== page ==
Rare Sun Bear Dies After Illness In Tourist Resort Cage

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These are the appalling conditions one of the world’s rarest bears faced before developing a severe infection while caged at a tourist resort.

The Helarctos malayanus, better known as sun bear, was being kept along with three others at the Bukit Merah Laketown Resort located in the Bagai Serai commune in the state of Perak north-western in Malaysia.

Video Credit: AsiaWire/@mfotanimals

Images taken before the animal’s death show a severe fungal infection in its lower jaw and massively inflamed bleeding flesh around its jaw.

Meanwhile, the video, reportedly taken at the resort in 2015 shows a sun bear at the same resort pacing back and forth in its small cage.

Credit: AsiaWire
Back in January 2019, Malaysian Friends of the Animals tweeted: “This Sun Bear is seriously sick, lost its teeth, yet kept in a disgusting way at Ecopark Zoo Bukit Merah Laketown Resort.”

Animal rights group Malaysian Friends of the Animals sent the images of the bear to Friends of Orang Utan director Upreshpal Singh, who then got in contact with the Bukit Merah Laketown Resort.

Singh says the resort eventually told him that the bear had been put down to end its suffering on the advice of an independent vet and the Wildlife and National Parks Department.

Singh says his team had seen the cages before and saw them as “completely unsuitable for the complex needs of the sun bears”.

Reports state the Bukit Merah Laketown Resort have listed their ‘Ecopark’ attraction where the animals are kept as ‘closed for maintenance’ since February this year.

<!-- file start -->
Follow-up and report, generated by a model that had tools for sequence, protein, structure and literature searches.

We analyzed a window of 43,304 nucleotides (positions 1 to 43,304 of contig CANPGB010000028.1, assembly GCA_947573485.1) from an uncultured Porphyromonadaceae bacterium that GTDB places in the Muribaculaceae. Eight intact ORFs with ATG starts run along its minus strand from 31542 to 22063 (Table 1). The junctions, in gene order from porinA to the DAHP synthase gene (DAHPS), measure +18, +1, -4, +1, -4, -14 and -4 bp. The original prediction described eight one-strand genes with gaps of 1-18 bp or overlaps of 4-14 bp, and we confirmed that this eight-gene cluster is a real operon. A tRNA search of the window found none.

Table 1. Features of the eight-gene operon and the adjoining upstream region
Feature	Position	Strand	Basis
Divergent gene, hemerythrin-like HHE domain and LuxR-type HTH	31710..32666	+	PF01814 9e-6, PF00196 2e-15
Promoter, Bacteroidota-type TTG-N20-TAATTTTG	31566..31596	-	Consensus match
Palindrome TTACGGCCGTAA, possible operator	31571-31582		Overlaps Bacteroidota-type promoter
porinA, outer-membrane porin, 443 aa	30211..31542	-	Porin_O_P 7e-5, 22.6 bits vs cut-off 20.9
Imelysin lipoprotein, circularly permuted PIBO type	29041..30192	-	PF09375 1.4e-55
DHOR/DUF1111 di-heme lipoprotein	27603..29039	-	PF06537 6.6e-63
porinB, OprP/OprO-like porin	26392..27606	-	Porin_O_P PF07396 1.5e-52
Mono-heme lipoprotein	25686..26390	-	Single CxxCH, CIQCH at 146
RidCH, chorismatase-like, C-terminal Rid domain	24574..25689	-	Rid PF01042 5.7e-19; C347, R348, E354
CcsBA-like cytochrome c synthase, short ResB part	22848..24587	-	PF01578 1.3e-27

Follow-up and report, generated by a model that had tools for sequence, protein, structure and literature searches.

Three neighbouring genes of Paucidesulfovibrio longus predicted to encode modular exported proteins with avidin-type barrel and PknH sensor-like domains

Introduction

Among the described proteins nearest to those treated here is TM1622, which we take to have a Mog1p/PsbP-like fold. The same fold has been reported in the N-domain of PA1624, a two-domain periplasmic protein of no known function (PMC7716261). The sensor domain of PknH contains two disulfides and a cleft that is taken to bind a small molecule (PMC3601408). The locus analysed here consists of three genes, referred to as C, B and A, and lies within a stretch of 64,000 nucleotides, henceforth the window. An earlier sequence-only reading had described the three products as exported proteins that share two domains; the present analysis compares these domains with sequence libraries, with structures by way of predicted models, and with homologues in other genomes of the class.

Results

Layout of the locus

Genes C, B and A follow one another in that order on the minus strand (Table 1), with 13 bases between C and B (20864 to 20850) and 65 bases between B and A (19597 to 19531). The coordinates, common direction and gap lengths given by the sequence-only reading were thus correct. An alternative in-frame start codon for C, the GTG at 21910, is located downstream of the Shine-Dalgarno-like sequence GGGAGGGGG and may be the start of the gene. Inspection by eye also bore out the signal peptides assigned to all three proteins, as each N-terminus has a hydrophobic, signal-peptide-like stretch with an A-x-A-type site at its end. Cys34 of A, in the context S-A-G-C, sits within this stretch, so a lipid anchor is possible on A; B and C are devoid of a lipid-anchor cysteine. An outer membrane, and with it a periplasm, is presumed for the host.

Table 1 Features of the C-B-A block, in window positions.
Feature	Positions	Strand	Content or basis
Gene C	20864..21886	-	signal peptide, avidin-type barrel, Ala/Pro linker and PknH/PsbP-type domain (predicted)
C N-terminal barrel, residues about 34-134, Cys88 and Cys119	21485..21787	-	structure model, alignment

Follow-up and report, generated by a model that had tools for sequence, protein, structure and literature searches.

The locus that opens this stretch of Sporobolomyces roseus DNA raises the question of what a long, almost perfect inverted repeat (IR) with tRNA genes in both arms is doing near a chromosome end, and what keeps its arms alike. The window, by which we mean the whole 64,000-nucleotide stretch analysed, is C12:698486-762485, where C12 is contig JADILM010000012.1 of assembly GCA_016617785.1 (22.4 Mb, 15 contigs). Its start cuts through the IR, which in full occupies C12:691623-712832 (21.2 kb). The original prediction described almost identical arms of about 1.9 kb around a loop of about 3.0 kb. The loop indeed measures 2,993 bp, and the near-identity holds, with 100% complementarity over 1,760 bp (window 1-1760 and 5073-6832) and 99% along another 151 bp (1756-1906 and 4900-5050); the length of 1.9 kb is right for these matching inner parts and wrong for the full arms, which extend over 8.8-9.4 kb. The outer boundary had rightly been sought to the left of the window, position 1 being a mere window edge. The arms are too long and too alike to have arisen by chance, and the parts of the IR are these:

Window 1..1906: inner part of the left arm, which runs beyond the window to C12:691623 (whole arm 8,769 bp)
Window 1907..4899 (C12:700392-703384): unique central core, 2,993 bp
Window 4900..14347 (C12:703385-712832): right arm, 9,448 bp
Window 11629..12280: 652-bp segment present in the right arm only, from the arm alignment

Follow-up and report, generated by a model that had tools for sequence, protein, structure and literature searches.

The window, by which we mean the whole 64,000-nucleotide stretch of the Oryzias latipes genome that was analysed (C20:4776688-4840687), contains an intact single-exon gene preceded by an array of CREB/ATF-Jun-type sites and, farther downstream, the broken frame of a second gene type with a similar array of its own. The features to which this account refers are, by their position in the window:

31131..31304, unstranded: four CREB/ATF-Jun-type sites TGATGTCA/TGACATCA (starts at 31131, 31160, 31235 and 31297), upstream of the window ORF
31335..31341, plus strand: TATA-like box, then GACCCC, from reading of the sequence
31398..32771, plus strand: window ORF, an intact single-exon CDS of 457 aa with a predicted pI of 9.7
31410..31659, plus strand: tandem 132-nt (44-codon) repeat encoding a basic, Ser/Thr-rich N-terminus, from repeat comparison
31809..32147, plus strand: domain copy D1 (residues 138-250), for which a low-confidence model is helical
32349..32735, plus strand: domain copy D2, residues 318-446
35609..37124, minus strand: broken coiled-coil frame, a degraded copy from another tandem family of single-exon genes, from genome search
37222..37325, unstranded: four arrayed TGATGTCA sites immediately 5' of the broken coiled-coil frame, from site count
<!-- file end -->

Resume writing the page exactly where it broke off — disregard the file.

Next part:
The bear is listed as ‘vulnerable’ by the International Union for Conservation of Nature (IUCN )

Credit: AsiaWire
The sun bear enclosures from Ecopark Zoo

Kanda Kumar, an advisor at the Malaysian Nature Society Penang, said they had not received a complaint about the treatment of the animals being kept at the resort. 

He says a team would have been deployed if a complaint had been received and added that the bear’s euthanization must have been approved by the Wildlife and National Parks Department as it is illegal to put down sun bears without authorisation because they are protected.

The sun bear is threatened as 30 percent of its natural habitat has been destroyed in the last 30 years, according to reports.

The bear is native to tropical forest habitats in Southeast Asia. 

To find out more about the author, editor or agency that supplied this story – please click below.
Story By: Alex CopeSub-Editor: Joseph Golder, Agency: AsiaWire

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